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Trivium

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Questions at callback
« on: August 17, 2009, 09:41:21 AM »
Could someone give me some examples of questions that would be good to ask at a callback interview and/or help point me in the direction of thinking of some? Thanks.

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Re: Questions at callback
« Reply #1 on: August 23, 2009, 02:39:10 PM »
tag. this is a great question

Alchemy Prep

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Re: Questions at callback
« Reply #2 on: August 24, 2009, 06:07:46 PM »
Here are a few examples:

Interview with partner:

1) What are the firm's plans for growth?

2) How has the recent acquisition of x firm or x practice group impacted y office? (the office to which you are applying)

3) What is the strongest aspect of x practice group and what areas are you looking to improve?

4) I see the firm is now in x location.  How is that working out?

Interview with associate

1) Does the firm have a structured training program?

2) Are first year associates placed into a practice group or do they float between groups (even between litigaiton and transactional) as one sees at Jones Day.

3) How is work assigned to summer associates?  Is there a workflow coordinator?

Hope these help somewhat.

Best,

Kris
www.alchemyprep.com

Refused Party Program

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Re: Questions at callback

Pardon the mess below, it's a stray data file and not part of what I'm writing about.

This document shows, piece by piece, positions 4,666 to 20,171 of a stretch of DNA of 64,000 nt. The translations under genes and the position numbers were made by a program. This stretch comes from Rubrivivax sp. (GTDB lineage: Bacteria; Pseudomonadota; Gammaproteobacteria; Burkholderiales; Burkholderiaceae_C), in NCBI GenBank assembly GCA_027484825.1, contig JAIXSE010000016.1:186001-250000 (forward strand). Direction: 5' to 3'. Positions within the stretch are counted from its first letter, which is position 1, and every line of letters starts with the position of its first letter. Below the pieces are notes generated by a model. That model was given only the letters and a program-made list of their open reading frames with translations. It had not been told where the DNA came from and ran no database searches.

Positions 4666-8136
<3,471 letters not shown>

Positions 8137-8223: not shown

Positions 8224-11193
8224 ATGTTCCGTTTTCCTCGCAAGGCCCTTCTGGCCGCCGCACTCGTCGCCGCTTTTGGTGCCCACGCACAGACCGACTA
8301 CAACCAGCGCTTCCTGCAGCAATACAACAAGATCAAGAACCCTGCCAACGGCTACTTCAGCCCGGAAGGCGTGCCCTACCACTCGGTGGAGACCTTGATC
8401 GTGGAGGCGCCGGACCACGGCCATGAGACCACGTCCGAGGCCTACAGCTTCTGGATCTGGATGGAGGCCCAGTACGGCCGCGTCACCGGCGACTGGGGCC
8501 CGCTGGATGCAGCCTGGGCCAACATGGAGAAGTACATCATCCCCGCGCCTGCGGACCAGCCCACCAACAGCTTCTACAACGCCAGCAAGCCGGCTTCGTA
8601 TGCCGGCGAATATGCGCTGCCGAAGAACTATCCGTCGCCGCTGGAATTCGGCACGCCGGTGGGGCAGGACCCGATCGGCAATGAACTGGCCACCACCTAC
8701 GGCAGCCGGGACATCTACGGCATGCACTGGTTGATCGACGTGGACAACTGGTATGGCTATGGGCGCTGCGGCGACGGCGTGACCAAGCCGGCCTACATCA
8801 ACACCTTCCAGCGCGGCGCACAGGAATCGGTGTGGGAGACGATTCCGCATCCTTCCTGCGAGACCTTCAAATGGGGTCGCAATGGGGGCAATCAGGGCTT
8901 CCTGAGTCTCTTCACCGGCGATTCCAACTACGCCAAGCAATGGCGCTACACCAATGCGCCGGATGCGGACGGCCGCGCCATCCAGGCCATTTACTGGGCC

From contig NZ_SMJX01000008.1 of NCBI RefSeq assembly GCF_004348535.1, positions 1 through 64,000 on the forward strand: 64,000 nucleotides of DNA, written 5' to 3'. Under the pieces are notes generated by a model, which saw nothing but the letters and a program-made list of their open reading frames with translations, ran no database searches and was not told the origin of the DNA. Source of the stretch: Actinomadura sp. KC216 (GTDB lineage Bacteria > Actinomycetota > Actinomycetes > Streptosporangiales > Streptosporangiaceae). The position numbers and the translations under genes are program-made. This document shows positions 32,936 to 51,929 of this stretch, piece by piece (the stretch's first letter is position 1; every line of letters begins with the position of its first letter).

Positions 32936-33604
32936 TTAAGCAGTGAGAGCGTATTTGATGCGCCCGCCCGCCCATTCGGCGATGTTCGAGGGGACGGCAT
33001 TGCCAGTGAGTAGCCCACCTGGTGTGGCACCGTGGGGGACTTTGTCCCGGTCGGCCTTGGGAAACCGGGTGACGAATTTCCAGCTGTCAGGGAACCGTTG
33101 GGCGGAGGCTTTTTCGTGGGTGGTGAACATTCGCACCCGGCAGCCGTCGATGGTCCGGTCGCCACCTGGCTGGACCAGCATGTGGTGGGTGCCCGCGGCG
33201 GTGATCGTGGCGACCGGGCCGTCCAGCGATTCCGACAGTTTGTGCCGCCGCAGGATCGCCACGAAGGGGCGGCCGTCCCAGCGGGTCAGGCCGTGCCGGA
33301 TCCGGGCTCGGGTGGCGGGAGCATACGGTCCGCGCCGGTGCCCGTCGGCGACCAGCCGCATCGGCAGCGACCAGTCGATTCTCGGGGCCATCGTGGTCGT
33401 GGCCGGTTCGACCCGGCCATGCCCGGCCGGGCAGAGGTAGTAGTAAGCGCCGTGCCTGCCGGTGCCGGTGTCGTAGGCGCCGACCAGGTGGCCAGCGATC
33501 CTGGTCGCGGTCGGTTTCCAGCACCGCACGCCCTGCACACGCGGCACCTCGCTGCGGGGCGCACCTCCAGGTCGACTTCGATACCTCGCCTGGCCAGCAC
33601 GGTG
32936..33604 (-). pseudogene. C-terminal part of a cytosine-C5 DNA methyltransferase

« Reply #3 on: August 25, 2009, 01:38:22 AM »
This one is simple and generic, but I found the answers helpful:

"What do you like about this firm?"

You might be amazed at the variety of responses.

Also, I liked to ask what people did for hobbies/vacation. If the list was short, or non-existent, it would send up red flags.

However, I would be careful of asking this type of question if you are interviewing with a firm that doesn't hide the fact they could care less about associates and they expect you to give you give every drop of blood you have to the firm.

Also, if everyone talked about how wonderful the firm was, I asked what the worse thing was about that firm.

Trivium

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Re: Questions at callback
« Reply #4 on: August 26, 2009, 01:18:50 AM »
Thanks for the responses. My school ended up posting a huge listing of good callback questions, so that was really helpful. One thing that I've heard on here that I should point out is potentially wrong though. At one of my callbacks (1 of 2) I had multiple interviewers encourage me to ask the same questions of each interviewer. I saw someone saying that this was the best way to get dinged. This may be true of some firms, but clearly not all.

raphelb

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Re: Questions at callback
« Reply #5 on: August 26, 2009, 10:58:16 PM »
Thanks for the responses. My school ended up posting a huge listing of good callback questions, so that was really helpful. One thing that I've heard on here that I should point out is potentially wrong though. At one of my callbacks (1 of 2) I had multiple interviewers encourage me to ask the same questions of each interviewer. I saw someone saying that this was the best way to get dinged. This may be true of some firms, but clearly not all.

From what I understand, asking the same question of each interviewer is a quick way to get dinged if it is a FACTUAL question. For example, asking people "how are summer associates evaluated?" If you ask factual questions multiple times, it seems like you either didn't trust the first person who answered it or you were simply too stupid to understand the first answer. (Sidenote, also never ask a factual question about something that could be answered by spending a few minutes on the firm's website)